Microquasar study reveals the structure of faraway radio galaxies

November 28, 2017, University of Barcelona
Picture of the GRS 1758-258 microquasar, obtained with the Jansky Very Large Array radiotelescope at 5 GHz frequency radio waves. The white line shows the Z-shape path formed by the relativistic plasma produced in the core region, where the black hole is located. Credit: Universidad de Barcelona

Researchers from the Institute of Cosmos Sciences of the University of Barcelona (ICCUB) and the University of Jaén have described, for the first time, the structure of a Z-shaped galactic microquasar. This astronomical object is considered to be a small-scale version of a winged radio galaxy, so far considered among the distant potential emitters of gravitational waves. The main conclusion of the study, published in Nature Communications, is that not all winged radio galaxies are sources of gravitational waves.

Microquasars are an astronomical objects fed by stellar , which are smaller than the ones at the center of radio galaxies. They produce radio jets in opposite directions. "We determined that the Z-shaped morphology of the studied microquasar, the GRS 1758-258, can be explained with with the surrounding medium," says Josep M. Paredes from ICCUB.

Extrapolated results suggest that this scenario could work in winged radio galaxies, since these objects follow the same physical laws. So far, it was thought that those radio galaxies were X or Z shaped due the merger of two black holes, a process in which gravitational waves are generated. When these waves are produced at such a long distance, it is not possible to distinguish them individually, and noise is created.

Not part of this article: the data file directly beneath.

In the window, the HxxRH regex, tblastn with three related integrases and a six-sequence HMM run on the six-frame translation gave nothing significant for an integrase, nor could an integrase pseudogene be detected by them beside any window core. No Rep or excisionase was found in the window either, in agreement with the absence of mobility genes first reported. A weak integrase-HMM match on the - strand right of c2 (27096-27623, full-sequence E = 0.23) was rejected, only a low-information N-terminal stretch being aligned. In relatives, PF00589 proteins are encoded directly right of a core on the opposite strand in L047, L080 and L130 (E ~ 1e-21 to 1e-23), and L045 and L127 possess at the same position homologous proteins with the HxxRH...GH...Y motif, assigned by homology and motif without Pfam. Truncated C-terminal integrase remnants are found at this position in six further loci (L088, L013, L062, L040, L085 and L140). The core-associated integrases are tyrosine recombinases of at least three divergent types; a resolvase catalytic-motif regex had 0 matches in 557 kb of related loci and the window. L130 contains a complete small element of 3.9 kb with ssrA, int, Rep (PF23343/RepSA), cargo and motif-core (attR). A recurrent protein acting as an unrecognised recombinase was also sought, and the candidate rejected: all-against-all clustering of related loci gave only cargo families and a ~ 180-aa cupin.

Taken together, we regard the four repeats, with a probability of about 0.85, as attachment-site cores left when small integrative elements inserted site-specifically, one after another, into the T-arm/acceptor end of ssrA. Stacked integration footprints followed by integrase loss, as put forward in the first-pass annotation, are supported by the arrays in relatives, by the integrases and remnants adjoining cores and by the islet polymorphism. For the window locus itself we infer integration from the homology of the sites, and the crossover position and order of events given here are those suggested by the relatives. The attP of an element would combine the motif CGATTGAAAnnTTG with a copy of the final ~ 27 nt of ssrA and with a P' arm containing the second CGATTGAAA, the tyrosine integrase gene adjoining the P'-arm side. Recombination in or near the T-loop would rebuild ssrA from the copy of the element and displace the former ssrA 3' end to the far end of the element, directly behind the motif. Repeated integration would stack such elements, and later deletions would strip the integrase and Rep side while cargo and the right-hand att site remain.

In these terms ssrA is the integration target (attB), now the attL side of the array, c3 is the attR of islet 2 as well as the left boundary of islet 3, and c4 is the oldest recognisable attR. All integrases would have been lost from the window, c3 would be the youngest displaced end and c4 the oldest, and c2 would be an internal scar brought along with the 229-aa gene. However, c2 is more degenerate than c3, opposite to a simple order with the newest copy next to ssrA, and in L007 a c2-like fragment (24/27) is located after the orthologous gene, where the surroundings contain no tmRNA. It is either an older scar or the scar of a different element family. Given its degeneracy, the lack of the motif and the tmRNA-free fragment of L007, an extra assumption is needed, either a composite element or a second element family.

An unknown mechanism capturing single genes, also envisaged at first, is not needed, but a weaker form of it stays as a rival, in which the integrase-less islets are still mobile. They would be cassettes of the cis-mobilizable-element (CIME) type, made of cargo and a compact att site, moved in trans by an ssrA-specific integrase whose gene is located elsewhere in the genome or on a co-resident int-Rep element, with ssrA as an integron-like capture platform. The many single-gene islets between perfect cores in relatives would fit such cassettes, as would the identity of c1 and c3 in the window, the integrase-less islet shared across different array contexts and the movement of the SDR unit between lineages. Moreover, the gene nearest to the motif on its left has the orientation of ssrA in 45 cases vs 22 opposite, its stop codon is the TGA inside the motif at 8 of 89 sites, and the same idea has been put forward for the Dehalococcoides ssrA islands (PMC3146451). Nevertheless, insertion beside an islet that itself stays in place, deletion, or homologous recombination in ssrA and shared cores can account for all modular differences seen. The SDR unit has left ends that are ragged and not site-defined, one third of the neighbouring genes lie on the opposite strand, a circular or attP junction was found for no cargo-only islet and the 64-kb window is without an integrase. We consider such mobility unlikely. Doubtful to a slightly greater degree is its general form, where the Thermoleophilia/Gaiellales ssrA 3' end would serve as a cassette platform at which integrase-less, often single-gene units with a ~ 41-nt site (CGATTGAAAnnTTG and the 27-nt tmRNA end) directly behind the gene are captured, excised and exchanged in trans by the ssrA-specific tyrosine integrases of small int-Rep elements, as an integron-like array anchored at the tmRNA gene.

"Our results show that not all winged radio galaxies would be the origin of gravitational waves, which was commonly believed so far," says Valentí Bosch Ramon, researcher from the ICCUB. "Some of them owe their structure to hydrodynamic processes that would not create these kind of waves. Considering these results, the background of would be weaker than thought so far," concludes the researcher.

In order to determine the Z-shape of the GRS 1758-258 microquasar, several observations were made with the Jansky Very Large Array in New Mexico. The results were added to all the observations of the same microquasar that were carried out in previous decades. Gathering all this data made it possible to reach the required sensitivity to describe the Z-shape of GRS 1758-258 and deduce the processes that form it.

Explore further: When radio galaxies collide, supermassive black holes form tightly bound pairs

More information: Josep Martí et al. A galactic microquasar mimicking winged radio galaxies, Nature Communications (2017). DOI: 10.1038/s41467-017-01976-5

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